Man Pretends to be a Dallas District Attorney and Receives 2 Years in Prison

By November 11, 2015Criminal Defense

Impersonating a Public Servant in TexasWhen I think of someone impersonating an attorney, my mind goes to Joe Pesci and My Cousin Vinny.  In the movie Vincent Gambino only impersonated a criminal defense lawyer (not a public servant) so nobody seemed to care (except the judge), but in Texas, Impersonating Public Servant (including a district attorney) is a serious matter.  Robert Cornwell found this out after he pretended to be a Dallas County Assistant District Attorney in hopes of helping his friend with a DWI case.

In May of 2012, Robert Cornwell called Montgomery County Assistant District Attorney Kourtney Teaff, identifying himself as an assistant district attorney from Dallas County, attempting to “resolve [his friend’s] [DWI] case.” Cornwell claimed access to criminal histories, case files, and fingerprint cards. He mentioned speaking with governmental offices, and prosecuting his nephew for drug possession. Cornwell insisted on using his personal cell phone number because he and Teaff “were on the same team.” Becoming suspicious of the “highly unusual” requests coming from another district attorney, Teaff recorded the conversations. According to the trial court, Cornwell always used his real name, he had never been an attorney in Texas, he never attempted to claim official authority over Teaff, and he intended that “Teaff should consider the requests a personal favor.” Cornwell was sentenced to two years imprisonment for impersonating a public servant.

See the opinion in Cornwell v. State

What does “Impersonating a Public Servant” mean in Texas?

Impersonating a Public Servant is a Third Degree Felony with a punishment range of 2-10 years in prison and up to a $10,000 fine.  A person violates Section 37.11(a)(1) of the Texas Penal Code when the person impersonates a public servant in combination with the requisite intent…[which] can be satisfied with either the submission theory (“with intent to induce another to submit to his pretended official authority”) or the reliance theory (“with the intent to induce another…to rely on his pretended official acts.”).

Cornwell appealed to the Court of Appeals, arguing that the evidence was insufficient to show either theory of intent—submission or reliance—because he did not persuade Teaff to submit to any asserted authority he might have over her. The Court of Appeals rejected Cornwell’s argument, “concluding that the evidence was…sufficient to support a jury finding that he had impersonated a public official with intent to induce another to rely on his pretended official acts—the reliance theory.” Cornwell then petitioned the Court of Criminal Appeals (“CCA”) for discretionary review.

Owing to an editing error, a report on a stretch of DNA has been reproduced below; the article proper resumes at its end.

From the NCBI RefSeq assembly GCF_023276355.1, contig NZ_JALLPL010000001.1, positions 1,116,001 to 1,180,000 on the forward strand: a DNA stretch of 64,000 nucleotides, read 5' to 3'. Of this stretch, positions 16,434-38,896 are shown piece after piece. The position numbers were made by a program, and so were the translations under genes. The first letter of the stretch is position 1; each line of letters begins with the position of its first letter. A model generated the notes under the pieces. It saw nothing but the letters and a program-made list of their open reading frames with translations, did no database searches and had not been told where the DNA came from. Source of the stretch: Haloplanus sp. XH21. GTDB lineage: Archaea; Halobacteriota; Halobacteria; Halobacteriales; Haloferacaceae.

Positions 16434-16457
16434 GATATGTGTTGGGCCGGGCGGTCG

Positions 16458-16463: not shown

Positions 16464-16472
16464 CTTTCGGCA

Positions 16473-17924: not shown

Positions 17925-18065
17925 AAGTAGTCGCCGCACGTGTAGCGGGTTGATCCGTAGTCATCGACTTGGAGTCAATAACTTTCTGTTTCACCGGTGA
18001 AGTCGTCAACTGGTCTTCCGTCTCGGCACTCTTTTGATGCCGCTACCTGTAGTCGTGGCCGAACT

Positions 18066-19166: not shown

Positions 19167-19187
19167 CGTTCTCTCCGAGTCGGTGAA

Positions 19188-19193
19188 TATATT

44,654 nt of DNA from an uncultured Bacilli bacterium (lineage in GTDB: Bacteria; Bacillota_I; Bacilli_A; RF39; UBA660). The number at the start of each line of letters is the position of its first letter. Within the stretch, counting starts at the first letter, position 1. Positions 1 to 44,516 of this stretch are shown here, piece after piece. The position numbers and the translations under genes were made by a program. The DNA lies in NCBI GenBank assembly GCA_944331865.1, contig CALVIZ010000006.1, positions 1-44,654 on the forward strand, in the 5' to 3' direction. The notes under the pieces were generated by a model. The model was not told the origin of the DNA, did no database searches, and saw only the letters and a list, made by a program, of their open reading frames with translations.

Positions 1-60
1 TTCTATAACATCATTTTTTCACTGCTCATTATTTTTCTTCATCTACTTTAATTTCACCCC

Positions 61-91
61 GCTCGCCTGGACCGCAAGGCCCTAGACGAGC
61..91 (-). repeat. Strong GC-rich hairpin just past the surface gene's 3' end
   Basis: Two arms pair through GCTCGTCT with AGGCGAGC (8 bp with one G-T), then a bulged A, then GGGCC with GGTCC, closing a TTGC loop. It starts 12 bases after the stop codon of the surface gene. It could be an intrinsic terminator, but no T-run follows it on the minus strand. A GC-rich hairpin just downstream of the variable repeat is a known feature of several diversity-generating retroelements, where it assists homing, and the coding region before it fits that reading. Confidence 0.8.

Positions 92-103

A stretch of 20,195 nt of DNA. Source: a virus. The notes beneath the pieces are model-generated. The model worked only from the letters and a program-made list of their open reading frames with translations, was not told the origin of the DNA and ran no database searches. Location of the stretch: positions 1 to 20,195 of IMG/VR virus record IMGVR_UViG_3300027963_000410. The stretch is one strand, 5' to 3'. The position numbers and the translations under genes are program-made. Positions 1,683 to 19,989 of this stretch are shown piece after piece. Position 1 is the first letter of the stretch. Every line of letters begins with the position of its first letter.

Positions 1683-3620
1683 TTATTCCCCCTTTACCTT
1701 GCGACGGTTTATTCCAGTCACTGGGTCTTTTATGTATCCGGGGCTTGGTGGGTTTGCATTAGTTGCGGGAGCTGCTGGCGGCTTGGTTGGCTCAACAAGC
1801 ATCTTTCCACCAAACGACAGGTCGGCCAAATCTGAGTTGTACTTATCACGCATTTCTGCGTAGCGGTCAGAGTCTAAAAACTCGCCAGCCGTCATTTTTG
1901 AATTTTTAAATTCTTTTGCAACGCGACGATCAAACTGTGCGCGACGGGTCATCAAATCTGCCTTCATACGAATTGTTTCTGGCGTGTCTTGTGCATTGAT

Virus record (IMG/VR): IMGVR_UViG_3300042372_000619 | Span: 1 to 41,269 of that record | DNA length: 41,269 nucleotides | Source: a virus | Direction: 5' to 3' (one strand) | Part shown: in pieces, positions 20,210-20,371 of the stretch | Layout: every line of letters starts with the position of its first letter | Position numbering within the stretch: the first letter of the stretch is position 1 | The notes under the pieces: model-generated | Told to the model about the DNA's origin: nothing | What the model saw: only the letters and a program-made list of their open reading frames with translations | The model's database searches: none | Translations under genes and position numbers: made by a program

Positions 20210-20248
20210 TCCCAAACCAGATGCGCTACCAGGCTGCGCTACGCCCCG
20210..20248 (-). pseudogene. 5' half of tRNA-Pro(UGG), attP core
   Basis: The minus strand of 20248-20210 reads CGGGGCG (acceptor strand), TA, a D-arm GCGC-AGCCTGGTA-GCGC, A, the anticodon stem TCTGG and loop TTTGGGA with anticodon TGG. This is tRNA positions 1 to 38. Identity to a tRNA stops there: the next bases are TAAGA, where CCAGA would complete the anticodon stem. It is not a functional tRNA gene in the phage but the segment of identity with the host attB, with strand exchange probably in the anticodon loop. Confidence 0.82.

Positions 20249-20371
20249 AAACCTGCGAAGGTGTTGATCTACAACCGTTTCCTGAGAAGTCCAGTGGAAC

Here, the CCA determines whether the Court of Appeals was incorrect in misconstruing the meaning of the Section 37.11(a)(1) of the Texas Penal Code, as only “a few Texas appellate courts have directly addressed the reliance theory of intent, and specifically, the meaning of pretended official acts.” See Ex Parte Niswanger, 335 S.W.3d at 617 & n.11; Tiller v. State, 362 S.W.3d 125, 128 (Tex. App.—San Antonio 2011, pet. ref’d.); Tovar v. State, 777 S.W.2d 481,489 (Tex. App.—Corpus Christi 1989, pet. ref’d.).

The CCA Clarifies what “Impersonating” means (and doesn’t mean).

The CCA explained that Section 37.11(a)(1) can be broken down into two parts: the culpable act (actus reus, the bad act) and a culpable mental state (mens rea, the guilty mind). To violate the statute, the State must prove:

  1. that the impersonation happened and
  2. that the impersonator had the specific intent to induce another to submit or to rely upon.

“An accused may not be convicted on a simple showing that he falsely held himself out to be a public servant.”

Because it was undisputed that Cornwell did impersonate a public servant—an assistant district attorney from Dallas County—satisfying the first part of the statute, the CCA focused on Cornwell’s mental state, specifically the reliance theory—the evidence that shows Cornwell’s intent to induce another to rely upon his pretended official acts. The CCA explained that Cornwell attempted to persuade Teaff he was “an experienced assistant district attorney by relating various claims of conduct he had undertaken as an assistant district attorney” namely, “putting his nephew in jail, reviewing case files, and investigating matters in the capacity of assistant district attorney.” The CCA is adamant that, “the only reason [Cornwell] could have had for relaying these pretended official acts to Teaff was to enhance the credibility of his claim to be an assistant district attorney.” “By calling and speaking to an assistant district attorney as a member of the same team, [Cornwell]…hoped to gain [Teaff’s] trust and goodwill.” Further, Cornwell did not ask for favor[s] in his capacity as a private citizen or concerned friend, rather, he asked under the guise of being an assistant district attorney. The CCA states, such “purported actions exceed mere false identification as a public servant.” The CCA agreed with the Court of Appeals, affirming Cornwell’s conviction and sentence.

There are no shortcuts to due process. The Texas Penal Code prescribes strict punishment for those impersonating officers of the court. There is no doubt that criminal charges and allegations can make the accused feel panicked and overwhelmed, however, the old adage “desperate times call for desperate measures,” will not hold water in court where impersonation is concerned. If you or a loved one are facing criminal charges, contact an actual Texas attorney who will explain the proper steps in dealing with the legal system. Contact our office today for a free consultation at (817) 993-9249.

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